Last month we published our latest research on how DC schemes are embedding the quality features outlined in our DC code of practice.
It is clear that master trusts and larger DC schemes have a much greater understanding of the features than smaller schemes, and a much stronger record of reviewing their governance processes against the features.
New legal minimum governance standards came into force for DC schemes in April – and we have seized this as an opportunity for a wholesale review of the DC code to ensure it helps trustees to meet the new requirements, whilst making the code as short and simple as possible to apply.
We kicked off engagement with the industry a couple of weeks ago with a very productive workshop involving 25 organisations and these discussions will continue over the next few months as we prepare to formally consult on a revised code. We are committed to producing simple, clear guidance to assist schemes with the amount of change they are having to contend with.
We will use educational campaigns and direct engagement with schemes to promote the standards now set out in legislation, and address any weaknesses uncovered in our survey work.
But where schemes continue to fall short, we will consider enforcement action.
Amidst all the changes in the DC landscape has come an evolving threat of pension scams.
While the new freedoms are bringing unprecedented choice for many, scammers are lying in wait and are changing the way they target their victims.
This is a very real threat. Some in the industry estimate the amount lost to pension scams to be more than a billion pounds.
Before April, people under 55 were being scammed into releasing their pensions early based on promises of tax-free cash and extra – ordinary investment returns.
Now risk has moved to those aged 55 and over who are using the freedoms to access their savings, and who may be vulnerable to the lure of bogus investments.
The best way to tackle pension scams is to raise awareness of the dangers, both among the industry and consumers, to help them spot a scam and report it to Action Fraud.
Our scorpion awareness campaign is making a difference in the fight against scams, and we’ve recently updated this to take account of the new pension freedoms.
We’re working with a broad taskforce of government, regulators, financial services bodies and criminal justice agencies, including HMRC, the FCA and the National Crime Agency, to highlight the threat from scams.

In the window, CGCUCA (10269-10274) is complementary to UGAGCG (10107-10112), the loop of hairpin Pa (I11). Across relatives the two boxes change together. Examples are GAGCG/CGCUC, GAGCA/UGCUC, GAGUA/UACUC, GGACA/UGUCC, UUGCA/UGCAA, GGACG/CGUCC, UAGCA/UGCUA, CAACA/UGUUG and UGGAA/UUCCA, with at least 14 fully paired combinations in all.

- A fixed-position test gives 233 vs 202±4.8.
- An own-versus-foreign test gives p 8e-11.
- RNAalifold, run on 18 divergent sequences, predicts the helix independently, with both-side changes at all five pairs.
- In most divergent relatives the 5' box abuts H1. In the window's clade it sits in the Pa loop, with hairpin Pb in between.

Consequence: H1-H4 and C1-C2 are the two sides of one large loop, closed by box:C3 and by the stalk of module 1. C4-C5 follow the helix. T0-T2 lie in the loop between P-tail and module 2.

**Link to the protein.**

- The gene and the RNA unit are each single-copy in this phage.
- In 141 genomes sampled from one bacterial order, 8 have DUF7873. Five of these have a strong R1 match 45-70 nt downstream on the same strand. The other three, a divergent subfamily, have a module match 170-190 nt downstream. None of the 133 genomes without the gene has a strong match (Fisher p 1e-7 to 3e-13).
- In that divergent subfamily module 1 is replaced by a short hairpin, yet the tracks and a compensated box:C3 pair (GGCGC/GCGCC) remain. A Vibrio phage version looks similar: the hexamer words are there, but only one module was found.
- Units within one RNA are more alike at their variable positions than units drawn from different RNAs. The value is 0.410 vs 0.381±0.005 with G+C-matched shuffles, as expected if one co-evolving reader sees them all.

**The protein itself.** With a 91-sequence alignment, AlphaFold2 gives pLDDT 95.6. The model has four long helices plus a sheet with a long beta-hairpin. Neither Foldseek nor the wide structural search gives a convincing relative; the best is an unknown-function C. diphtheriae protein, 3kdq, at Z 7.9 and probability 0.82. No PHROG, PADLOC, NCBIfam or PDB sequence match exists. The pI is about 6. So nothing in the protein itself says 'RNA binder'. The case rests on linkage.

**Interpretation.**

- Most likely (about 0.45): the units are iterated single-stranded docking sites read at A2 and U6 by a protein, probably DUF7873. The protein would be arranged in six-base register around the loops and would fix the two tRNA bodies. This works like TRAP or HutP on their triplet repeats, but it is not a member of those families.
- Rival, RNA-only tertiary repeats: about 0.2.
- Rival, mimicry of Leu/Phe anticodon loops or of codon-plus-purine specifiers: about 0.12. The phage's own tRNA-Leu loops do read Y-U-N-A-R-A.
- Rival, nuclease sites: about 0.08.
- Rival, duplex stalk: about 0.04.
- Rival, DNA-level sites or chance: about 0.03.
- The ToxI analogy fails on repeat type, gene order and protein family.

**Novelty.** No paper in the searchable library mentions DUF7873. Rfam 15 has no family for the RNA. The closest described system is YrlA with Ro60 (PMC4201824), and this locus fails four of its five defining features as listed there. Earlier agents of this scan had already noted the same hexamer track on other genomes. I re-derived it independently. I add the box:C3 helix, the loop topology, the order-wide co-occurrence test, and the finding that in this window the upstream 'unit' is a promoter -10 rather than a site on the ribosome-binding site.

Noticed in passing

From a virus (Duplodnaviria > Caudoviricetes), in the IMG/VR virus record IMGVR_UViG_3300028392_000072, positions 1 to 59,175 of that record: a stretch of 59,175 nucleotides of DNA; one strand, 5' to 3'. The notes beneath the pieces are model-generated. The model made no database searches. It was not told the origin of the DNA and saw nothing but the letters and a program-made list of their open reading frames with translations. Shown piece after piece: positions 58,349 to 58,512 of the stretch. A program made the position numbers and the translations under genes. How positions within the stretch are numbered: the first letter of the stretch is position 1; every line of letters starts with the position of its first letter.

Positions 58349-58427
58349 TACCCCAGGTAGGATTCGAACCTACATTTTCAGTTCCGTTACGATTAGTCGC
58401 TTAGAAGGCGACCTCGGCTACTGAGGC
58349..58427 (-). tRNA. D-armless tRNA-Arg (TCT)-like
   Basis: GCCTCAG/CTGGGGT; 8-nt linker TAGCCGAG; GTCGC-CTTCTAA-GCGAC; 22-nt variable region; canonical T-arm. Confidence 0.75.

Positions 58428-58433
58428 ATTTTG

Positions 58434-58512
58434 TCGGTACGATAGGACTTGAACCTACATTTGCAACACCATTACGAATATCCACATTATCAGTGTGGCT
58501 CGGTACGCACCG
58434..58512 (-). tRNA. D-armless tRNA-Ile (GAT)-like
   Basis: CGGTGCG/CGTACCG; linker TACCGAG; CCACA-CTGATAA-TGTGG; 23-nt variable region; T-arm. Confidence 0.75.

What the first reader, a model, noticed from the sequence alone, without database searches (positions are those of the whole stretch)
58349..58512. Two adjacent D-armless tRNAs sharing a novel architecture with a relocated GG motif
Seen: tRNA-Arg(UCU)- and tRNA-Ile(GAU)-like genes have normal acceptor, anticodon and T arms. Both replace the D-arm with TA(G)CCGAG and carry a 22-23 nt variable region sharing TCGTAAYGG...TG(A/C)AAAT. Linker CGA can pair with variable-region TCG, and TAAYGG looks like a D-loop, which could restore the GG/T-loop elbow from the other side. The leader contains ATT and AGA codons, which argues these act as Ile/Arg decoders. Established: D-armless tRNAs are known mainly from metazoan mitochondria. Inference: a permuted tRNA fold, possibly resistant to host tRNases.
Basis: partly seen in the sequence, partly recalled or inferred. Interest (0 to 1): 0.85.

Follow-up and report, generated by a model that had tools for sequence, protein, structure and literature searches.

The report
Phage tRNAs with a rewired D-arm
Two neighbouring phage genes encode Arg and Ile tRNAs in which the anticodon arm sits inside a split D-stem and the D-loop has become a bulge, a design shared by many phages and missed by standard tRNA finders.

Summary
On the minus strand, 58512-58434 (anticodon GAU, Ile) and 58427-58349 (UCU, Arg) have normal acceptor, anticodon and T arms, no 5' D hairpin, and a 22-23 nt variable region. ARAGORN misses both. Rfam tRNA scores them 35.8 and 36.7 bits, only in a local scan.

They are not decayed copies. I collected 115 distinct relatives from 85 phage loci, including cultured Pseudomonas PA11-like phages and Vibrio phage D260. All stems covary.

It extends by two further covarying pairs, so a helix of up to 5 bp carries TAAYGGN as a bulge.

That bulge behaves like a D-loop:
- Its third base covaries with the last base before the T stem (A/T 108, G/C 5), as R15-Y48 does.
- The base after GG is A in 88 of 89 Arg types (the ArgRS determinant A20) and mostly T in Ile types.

We have also used our enforcement powers where necessary. We have appointed independent trustees to more than 100 schemes to prevent further funds being lost and we have applied to the courts to freeze assets in 20 schemes.
We have put a stop to five connected pension ‘liberation’ schemes that received transfers totalling more than £130 million from over 1,400 pension holders. And we have banned certain people from acting as pension trustees.
But there is more to do.
Pension scammers are what our CEO Lesley calls 'shape-shifters'. One example is a migration of scams towards small self-administered schemes. We have to be tenacious and agile to beat them.
Scams awareness month
Today is actually the start of Scams Awareness Month, an initiative led by Citizens Advice and trading standards to highlight the various types of scams, including pension scams.
Week one will focus on pension scams and throughout this week we and our partners will be using social media and direct communications to support the campaign by repeating our call for people to be vigilant.
Elsewhere, we have an expanded role to regulate the governance and administration of more than 200 public service schemes with assets of £226 billion, and more than 13 million members.
In April this year, we published a code of practice and regulatory strategy to educate and enable scheme managers and pension board members to comply with new legislation.
And last month we published our compliance and enforcement policy which details how, if necessary, we will use our powers where schemes do not comply.